Monday, October 31, 2011

As it does with everything


I blame the moon for making things obvious. ~Kyle Kimberlin


It must be the rotund starkness against unerring black
that allows for such contrast to swallow both eye and
reason. She was gone from my side a long time before
I noticed and for a long time before that. Standing as
we did there on a cliff, salted light on the sea below us
racing with worry all the way to a horizon that swelled
unseen in the distant darkness, our words snapping off
peaked reflections that brought us to such departure.


Early October and summer gone, she went with it and
that was that. I might have written poems and songs
that tore bits of fabric laid out with love in craterglow.
The scent of hyacinth and lavender, anise rising up
in a coil of chaparral dragon that blew wind from a
desert we could not see from here. I wanted the moon
to lie, to tell me love would continue until sweet ruin
came to take it all back as it does with everything.

Joseph Gallo
October 24, 2011


Friday, October 21, 2011

That's what he's getting


If God Lives Inside Us

If god lives inside of us, as some people say,
then I hope he likes looking at pictures of naked girls.

If god lives inside of us, as some people say,
then I hope he likes hot wings 'cos that's what he's getting.

If god lives inside of us, as some people say,
would it be too much to pay half the rent?

If god lives inside of us, as some people say,
I hope he recycles and keeps the noise down after ten.

If god lives inside of us, as some people say,
it’s probably the reason I can’t lose these extra pounds.

If god lives inside of us, as some people say,
if I say something you don't like, don't blame me.

It’s probably him.

Joseph Gallo
May 6, 2011


Monday, October 17, 2011

Left to the whims of elements


King Of California

It will surely be gone by morning, what I saw
coiled in the road on the way up the hill tonight.
Some owl or coyote will find it, a rat perhaps,
and it will make for a cold small morsel. It was
the first of its kind I’ve come across this season.
Someone in their haste either didn’t see it trying
to cross the road, its marked rings unmistakably
serpentine, a little king of California barely a foot
in length, bleeding out there in the lane, caught
by its own misfootedness as it searched the creek
or tomato field for the smallness of mice along
the glass meridian of its rough belly, scenting by
the minutest quaver, the instinctive twitch, the
scurried rustle, the signature that spells organic
combustion within living biology, the abatement
of hunger that forks the will to do what it must.


I stopped to look down at it, observe if there might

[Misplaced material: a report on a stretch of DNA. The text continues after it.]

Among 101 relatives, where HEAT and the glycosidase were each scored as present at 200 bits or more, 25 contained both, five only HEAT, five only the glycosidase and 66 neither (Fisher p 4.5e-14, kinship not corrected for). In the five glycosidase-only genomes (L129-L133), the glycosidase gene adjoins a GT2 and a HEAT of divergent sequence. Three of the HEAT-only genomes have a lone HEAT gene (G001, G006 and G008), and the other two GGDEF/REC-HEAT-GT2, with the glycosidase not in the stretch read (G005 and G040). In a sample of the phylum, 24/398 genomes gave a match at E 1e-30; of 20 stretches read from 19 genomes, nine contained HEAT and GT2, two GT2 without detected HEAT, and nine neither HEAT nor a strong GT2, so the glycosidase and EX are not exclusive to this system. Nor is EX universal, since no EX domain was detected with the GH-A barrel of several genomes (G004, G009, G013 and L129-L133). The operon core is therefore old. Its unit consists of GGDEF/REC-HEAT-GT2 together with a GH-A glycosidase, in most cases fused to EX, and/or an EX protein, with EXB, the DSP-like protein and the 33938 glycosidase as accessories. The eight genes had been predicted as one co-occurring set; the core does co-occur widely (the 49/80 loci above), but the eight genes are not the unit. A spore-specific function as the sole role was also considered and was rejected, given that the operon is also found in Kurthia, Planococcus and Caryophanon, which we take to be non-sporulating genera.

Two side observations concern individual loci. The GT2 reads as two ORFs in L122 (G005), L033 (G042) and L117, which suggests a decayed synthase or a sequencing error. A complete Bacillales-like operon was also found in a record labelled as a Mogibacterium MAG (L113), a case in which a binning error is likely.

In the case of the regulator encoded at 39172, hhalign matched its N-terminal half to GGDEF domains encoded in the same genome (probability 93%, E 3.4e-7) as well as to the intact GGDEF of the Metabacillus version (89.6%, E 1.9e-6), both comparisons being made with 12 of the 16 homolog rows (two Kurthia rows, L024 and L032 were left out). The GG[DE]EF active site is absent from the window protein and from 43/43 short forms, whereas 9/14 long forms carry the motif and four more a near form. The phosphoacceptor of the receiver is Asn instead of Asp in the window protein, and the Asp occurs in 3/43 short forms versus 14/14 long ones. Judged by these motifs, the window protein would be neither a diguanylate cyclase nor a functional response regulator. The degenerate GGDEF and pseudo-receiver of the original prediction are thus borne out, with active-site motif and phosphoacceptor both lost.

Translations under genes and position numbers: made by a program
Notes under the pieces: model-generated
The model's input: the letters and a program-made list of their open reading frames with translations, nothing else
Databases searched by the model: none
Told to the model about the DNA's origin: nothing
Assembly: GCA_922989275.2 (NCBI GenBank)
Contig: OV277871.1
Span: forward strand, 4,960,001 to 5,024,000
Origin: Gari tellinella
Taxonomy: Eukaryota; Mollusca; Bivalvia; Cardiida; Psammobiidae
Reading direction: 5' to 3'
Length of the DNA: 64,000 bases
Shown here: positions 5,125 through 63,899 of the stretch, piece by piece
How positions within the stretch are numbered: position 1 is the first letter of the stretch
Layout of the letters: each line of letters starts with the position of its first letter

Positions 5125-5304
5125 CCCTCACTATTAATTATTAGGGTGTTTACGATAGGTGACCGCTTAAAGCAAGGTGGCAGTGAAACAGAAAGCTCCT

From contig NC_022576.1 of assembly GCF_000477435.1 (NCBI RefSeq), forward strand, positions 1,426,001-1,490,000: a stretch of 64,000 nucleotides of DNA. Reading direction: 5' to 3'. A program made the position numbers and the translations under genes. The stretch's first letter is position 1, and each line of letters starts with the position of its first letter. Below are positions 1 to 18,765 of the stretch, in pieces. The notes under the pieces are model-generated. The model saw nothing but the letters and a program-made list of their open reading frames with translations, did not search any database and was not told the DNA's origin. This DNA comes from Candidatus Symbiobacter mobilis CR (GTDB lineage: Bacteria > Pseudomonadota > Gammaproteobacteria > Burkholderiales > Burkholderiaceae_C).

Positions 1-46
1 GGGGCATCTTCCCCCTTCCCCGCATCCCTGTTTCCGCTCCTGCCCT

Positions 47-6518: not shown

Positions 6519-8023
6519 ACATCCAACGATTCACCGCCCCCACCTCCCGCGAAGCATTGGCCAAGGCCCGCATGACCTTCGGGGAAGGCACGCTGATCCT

yet be any snake left, but there wasn’t. Too much
had leaked out to glisten under the sweep of my
headlights, would continue to under a three-quarter
moon after I closed the car door to leave it with a,
Poor fella.” So many kings have been left behind
with far less. The one in the temple ruins, the one
on that small hill of crosses. This one will be left
to the whims of elements as all the others were.
No prayer to sweeten the journey, no song to
sugar the tremble of scale or shiver of bone, no
disciple to carry the spirit of a message that was
never left beyond repeating that a snake of kings
was killed tonight, that’s all, a poor king of snakes.

Joseph Gallo
October 16, 2011


Tuesday, October 04, 2011

The catch of a kiss


October First

brings you an apple and the stain of a kiss.
The apple is from Cassie, who, realizing
she is running late, plucks a red one from
the autumn basket in her hotel room to give
to the driver waiting patiently for his last
charge to arrive, the others excited to begin
the half-day’s tour in the back of the Jeep.

She appears at last, the round ripeness
of her lips poised and rouged behind the
extended fruit that as I take it in my hand
releases the catch of a kiss as morning sun
clears the trees to light the stain of a scarlet
butterfly that stays ‘til noon on my cheek.


These are the gifts given and received
when the season turns its business to
the ripeness of dying, when all that was
delivered for two seasons comes due,
the becoming given over now to taking,
when bees and sugarwasps feast on the
crush of what swelled so long on the vine.

I take these and keep them for as long as
they are mine, the red feast of eating apples,
the rich banquet of a single kiss, the short
season that gathers in the human heart, the
long season that surrenders it up, the deep
harvest that yields its brief nectar of living
to savor through the winterbearing to come.

Joseph Gallo
October 2, 2011